Generally speaking, do you sleep well? I don’t. I have the brain-that-never-stops-thinking syndrome. For a long time, I’ve lived with the ‘I’ll sleep when I die’ mentality, bragging about being able to function on five hours of sleep. Great attitude, girl.
The period of my life that was by far the most sleep-deprived was when I was in CEGEP, studying Fashion Design. My days would unfold like the following:
Wake up time: 6:15am
- Finish my essay on 60’s fashion
- Sew a dress
- Draw two dozens of fashion sketches
- Spend two hours at Fabricville trying to find an okay fabric
- Go to the gym
- Work in a restaurant on the Plateau and try to be the best at it (when, truly, I really was the worst)
- Commute for an hour back to my parents’ place
- Redecorate my bedroom so it’s more feng shui
- Learn how to fold towels in the shapes of animals
- Rescue motherless kittens
Ok, yeah, the last three ones are kind of a joke, but you get the drill? During those days, I’d sleep between two and five hours per night and, as much as I was tired, I could stil function. Ask my mom! She’d wake me up every morning with a cup of coffee delivered straight to my bed feeling sorry for me.
Today, my 27-year-old self can’t sustain such a lifestyle anymore. If I want to boast about clocking in only four hours of sleep, I’ll have the biggest headache on earth, I can’t say more than three words in a row (and I’m lucky if they make sense at all) and I’m abnormally anxious.
I’ve read recently that it only takes one night of four hours of sleep to increase your cortisol level the following night (cortisol=stress). A classic case of a vicious circle: the less we sleep, the more we produce cortisol. The more we produce cortisol, the more we are stressed, the more we have trouble sleeping.
In the last few months, I had to throw in the towel (or just start being smarter about it) and admit that some of my health issues might by sleep-related: social and professional anxiety, lack of patience (sorry @beniwawa), insatiable hunger, foggy thoughts, undereye circles a little too dark to my taste, etc. So for the past month, I’ve been trying to put bedtime at the top of my priority list, just beside my work deadlines, my social activities and my obsession with wrapping up season 3 of How to Get Away With Murder.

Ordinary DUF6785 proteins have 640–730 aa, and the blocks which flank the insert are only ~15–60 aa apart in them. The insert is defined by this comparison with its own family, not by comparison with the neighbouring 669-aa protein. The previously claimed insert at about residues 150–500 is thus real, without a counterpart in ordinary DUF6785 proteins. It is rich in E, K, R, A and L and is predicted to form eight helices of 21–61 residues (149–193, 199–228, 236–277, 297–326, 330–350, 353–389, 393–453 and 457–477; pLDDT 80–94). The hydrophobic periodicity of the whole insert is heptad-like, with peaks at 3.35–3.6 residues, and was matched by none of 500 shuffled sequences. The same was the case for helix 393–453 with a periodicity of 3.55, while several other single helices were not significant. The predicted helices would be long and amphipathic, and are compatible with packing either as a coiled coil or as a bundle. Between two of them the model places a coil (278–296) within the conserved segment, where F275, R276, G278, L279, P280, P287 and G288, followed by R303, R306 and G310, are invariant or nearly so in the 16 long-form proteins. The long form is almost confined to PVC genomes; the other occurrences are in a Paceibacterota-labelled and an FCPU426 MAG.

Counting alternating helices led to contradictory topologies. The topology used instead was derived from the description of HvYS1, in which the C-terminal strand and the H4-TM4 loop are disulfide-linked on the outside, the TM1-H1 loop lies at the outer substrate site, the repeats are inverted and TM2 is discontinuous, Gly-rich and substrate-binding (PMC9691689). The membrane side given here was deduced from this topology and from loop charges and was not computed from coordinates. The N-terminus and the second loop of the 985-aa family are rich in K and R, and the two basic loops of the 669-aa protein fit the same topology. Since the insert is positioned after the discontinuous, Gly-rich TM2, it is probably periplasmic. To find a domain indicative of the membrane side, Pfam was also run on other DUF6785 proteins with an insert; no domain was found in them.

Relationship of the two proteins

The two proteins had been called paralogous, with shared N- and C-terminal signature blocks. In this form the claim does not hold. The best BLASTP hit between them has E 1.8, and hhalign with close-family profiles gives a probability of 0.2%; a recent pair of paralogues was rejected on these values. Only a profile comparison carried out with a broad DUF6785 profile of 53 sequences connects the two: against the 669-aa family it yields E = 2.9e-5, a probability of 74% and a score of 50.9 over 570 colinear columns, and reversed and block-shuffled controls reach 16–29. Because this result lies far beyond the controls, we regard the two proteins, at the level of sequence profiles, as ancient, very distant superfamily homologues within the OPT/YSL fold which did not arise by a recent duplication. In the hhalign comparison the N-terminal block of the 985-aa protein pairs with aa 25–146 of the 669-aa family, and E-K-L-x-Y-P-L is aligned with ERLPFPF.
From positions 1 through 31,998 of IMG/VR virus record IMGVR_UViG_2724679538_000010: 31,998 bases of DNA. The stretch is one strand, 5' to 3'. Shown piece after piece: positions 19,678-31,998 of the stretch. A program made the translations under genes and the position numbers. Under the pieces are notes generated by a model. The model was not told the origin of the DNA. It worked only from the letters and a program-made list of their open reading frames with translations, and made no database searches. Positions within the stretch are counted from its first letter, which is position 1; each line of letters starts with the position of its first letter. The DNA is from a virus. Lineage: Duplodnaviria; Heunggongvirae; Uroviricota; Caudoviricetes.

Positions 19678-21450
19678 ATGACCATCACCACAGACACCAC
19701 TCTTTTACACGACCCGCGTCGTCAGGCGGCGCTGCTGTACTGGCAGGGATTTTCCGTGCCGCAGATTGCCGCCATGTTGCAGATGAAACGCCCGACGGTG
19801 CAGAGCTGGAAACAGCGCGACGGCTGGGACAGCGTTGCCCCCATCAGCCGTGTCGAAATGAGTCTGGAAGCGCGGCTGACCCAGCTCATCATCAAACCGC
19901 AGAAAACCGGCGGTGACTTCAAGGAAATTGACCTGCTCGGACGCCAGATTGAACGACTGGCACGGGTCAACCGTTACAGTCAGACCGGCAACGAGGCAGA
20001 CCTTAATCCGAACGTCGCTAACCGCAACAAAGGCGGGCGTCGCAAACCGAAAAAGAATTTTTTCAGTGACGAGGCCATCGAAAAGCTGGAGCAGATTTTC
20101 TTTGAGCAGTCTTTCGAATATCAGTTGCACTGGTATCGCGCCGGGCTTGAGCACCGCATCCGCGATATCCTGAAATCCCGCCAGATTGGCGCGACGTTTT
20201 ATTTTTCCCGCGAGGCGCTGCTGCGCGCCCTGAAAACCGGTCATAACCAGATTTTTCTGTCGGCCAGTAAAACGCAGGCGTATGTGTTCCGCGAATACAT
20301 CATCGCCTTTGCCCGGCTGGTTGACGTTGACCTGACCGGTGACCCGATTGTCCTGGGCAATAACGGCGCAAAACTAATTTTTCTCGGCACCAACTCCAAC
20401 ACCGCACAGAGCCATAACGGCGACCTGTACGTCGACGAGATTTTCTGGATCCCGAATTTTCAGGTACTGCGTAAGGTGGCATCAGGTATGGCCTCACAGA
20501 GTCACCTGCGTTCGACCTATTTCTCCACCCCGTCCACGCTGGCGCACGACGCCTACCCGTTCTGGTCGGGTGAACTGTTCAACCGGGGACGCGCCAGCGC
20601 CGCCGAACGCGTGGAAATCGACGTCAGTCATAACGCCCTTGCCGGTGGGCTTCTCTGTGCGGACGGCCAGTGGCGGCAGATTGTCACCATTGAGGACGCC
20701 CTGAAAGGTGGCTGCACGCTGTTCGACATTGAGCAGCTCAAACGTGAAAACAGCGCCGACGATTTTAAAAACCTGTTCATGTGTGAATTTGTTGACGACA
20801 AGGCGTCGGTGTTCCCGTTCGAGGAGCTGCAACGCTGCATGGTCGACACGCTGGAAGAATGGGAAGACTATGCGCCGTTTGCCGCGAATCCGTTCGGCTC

I’m faaaaaar from being perfect (best example: I’m currently writing this post at 10:48pm), but I try to do my best, as often as I can. So, as a part-time insomniac, I felt like sharing with you a couple tried-and-tested ways to sleep better.
Read A Real Book (you know, made out of paper, like in the good old days)
The book that is currently on my nightstand: one borrowed from my father-in-law. Don’t tell him, but it’s the most boring book ever — I’ve rarely taken so little interest in a main character. “Sooo, why do you read it then Joëlle?” Because my goal is to fall asleep and my eyes start to close literally three pages in every time.
If reading a 600-page dull book on purpose doesn’t sound super appealing (I totally get that), just make sure you do something relaxing 30 minutes before sliding under the sheets. Take a bath, light up a candle, meditate or write in your journal while listening to Sarah McLachlan. #LikeWhenIWas12
Be The Ritual Queen
Does having a ritual really helps to fall asleep or is it a placebo situation? Who cares. As long as it works, I’m in.
A week ago (conveniently right after a full night of insomnia), I received a few products made to improve sleep quality by Puressentiel, a brand that’s all about the power behind essential oils. Since then, I’ve been vaporizing a calming air spray around my bed, right before diving back into my boring book.
I also apply an anti-stress product, which comes in a roll-on format, on the inside of my wrists, made with chamomile, lavender, mint, neroli and a bunch of other nicely scented ingredients. I stick my nose to my wrists and I then take 10 deep breaths. The efficiency of aromatherapy has been proven on numerous occasions, but the simple action of ‘breathing’ definitely helps my brain set in to sleeping mode. My favourite technique: 7-7-7. Breath in for seven seconds, hold your breath for seven more, and then exhale for another seven seconds.
Stimulus = The Guilty Ones
If, for whatever reason, my goal is to NOT sleep, I basically just have to work super late. What it does to me: my body is exhausted, yet my brain feels like it’s soaked in a Red Bull bath. So now, I try not be hyper stimulated intellectually at least an hour before heading to bed.
Moreover, you probably know this already, but screens are the #1 ennemies to clocking more zzz’s. The light generated by your cellphone, computer, tablet or TV prevents your brain from producing melatonin, the hormone responsible for telling your body it’s time to sleep.
Speaking of light, I’ve been wearing a sleep mask for a couple of nights now and, honestly, it’s near miraculous. It made me realize that, even when your eyes are shut, it’s never totally pitch black. But with that thing on, watch out Morpheus! To be honest, it’s a little scary when my boyfriend comes home from work at 1am — …honey… is that you??? HONEY!!! —, but I’ll get used to it.
Photos by Melika Dez
What about you? What are your tricks for having the best night of sleep?
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